CAPE CANAVERAL, Fla. — A series of delays has postponed the launch of NASA's Ares rocket, originally scheduled for lift-off at 8:24 a.m. The new target is 11:18 a.m.
Launch Control reports that severe winds, with gusts over 20 knots and peaking at 22 knots, may prevent the rocket launch. In addition, clouds associated with the "triboelectrification rule" may present a snag. NASA hopes to launch within a very narrow band of clear weather.
Clouds, snagged tethers and even a misdirected cargo ship within the danger area in the Atlantic Ocean have delayed the launch of the Ares 1-X, a trial version of the rocket NASA hopes will ferry astronauts to low-Earth orbit aboard an Orion spacecraft.
While the rocket sits on a launch pad at Kennedy Space Center, the space agency scrambles to make its launch window in the face of inclement weather. Deputy launch manager John Cowart cited the "triboelectrification rule"; according to NASA's launch blog, "flying through high-level clouds can generate 'P-static' (P for precipitation), which can create a corona of static around the rocket that interferes with radio signals sent by or to the rocket."
NASA had planned to launch initially at 8:25 a.m., but delays pushed the launch to 9:49 and then to 10:50. Moving the launch past noon won't be possible, due to a combination of factors including air space, warning zones, planes on flight times. The space agency believes that risky upper-level winds shouldn't be a risk factor. There is an 8-hour launch window.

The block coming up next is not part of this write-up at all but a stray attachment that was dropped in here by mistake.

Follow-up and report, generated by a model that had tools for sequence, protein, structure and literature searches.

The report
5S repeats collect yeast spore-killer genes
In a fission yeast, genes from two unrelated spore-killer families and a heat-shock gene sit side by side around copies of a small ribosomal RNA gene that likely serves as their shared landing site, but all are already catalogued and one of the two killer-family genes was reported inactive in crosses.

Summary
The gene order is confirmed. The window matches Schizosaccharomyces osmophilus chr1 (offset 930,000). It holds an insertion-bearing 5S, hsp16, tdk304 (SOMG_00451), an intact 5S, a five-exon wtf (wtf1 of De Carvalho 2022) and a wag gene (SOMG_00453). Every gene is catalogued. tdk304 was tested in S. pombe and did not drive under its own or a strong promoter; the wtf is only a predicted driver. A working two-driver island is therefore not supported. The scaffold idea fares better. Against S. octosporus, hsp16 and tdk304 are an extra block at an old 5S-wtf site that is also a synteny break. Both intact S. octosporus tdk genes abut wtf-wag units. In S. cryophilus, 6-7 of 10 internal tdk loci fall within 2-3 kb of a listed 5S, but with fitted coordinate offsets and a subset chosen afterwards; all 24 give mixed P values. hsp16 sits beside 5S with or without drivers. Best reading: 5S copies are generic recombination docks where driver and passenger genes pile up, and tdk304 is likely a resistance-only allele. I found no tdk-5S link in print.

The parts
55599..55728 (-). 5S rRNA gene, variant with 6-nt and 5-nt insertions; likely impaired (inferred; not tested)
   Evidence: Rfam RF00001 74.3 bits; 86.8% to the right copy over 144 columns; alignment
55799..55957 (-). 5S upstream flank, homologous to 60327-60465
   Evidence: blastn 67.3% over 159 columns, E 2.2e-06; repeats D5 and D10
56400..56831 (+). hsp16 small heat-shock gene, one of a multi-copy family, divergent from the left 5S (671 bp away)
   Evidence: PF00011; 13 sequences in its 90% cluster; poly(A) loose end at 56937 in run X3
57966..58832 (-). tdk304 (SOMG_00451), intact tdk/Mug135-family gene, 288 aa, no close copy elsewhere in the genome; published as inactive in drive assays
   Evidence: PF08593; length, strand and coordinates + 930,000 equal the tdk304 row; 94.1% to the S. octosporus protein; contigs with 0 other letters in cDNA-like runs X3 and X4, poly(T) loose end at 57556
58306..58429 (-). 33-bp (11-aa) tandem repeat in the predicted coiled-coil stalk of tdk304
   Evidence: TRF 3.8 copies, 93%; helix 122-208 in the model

Ares 1-X Launch Control reported early this morning that NASA would enter a 20-minute hold, delaying the giant rocket's launch, and that hold has just been extended. NASA has yet to retract a probe cover, for example, in order to prevent rain from wetting vital components.The rocket sits poised at T-minus 4 minutes, reports Launch Control.
The deciding factor at present is the weather. There are no other issues being worked on beyond weather conditions, and clear conditions may not last, reports Ares 1-X Launch Control. Upper level winds may be too strong for the rocket, for example.
The test rocket includes a real solid-rocket first stage, with a mock second stage and dummy Orion crew capsule on top to simulate the intended weight and size of Ares I. Ares I-X is the tallest booster in service or about to fly and stands about 327 feet high — 14 stories taller than NASA's space shuttles.
The test flight comes at an uncertain time for NASA. The agency's plans to use the Ares I rocket and Orion capsules to replace the shuttle fleet and return astronauts to the moon by 2020 are under review by President Barack Obama's administration. Last week, a report from an independent panel appointed by the White House suggested that NASA consider scrapping the Ares I rocket in lieu of commercial rockets that could be ready sooner.
Jeremy A. Kaplan is Science and Technology editor at FoxNews.com, where he heads up coverage of gadgets, the online world, space travel, nature, the environment, and more. Prior to joining Fox, he was executive editor of PC Magazine, co-host of the Fastest Geek competition, and a founding editor of GoodCleanTech.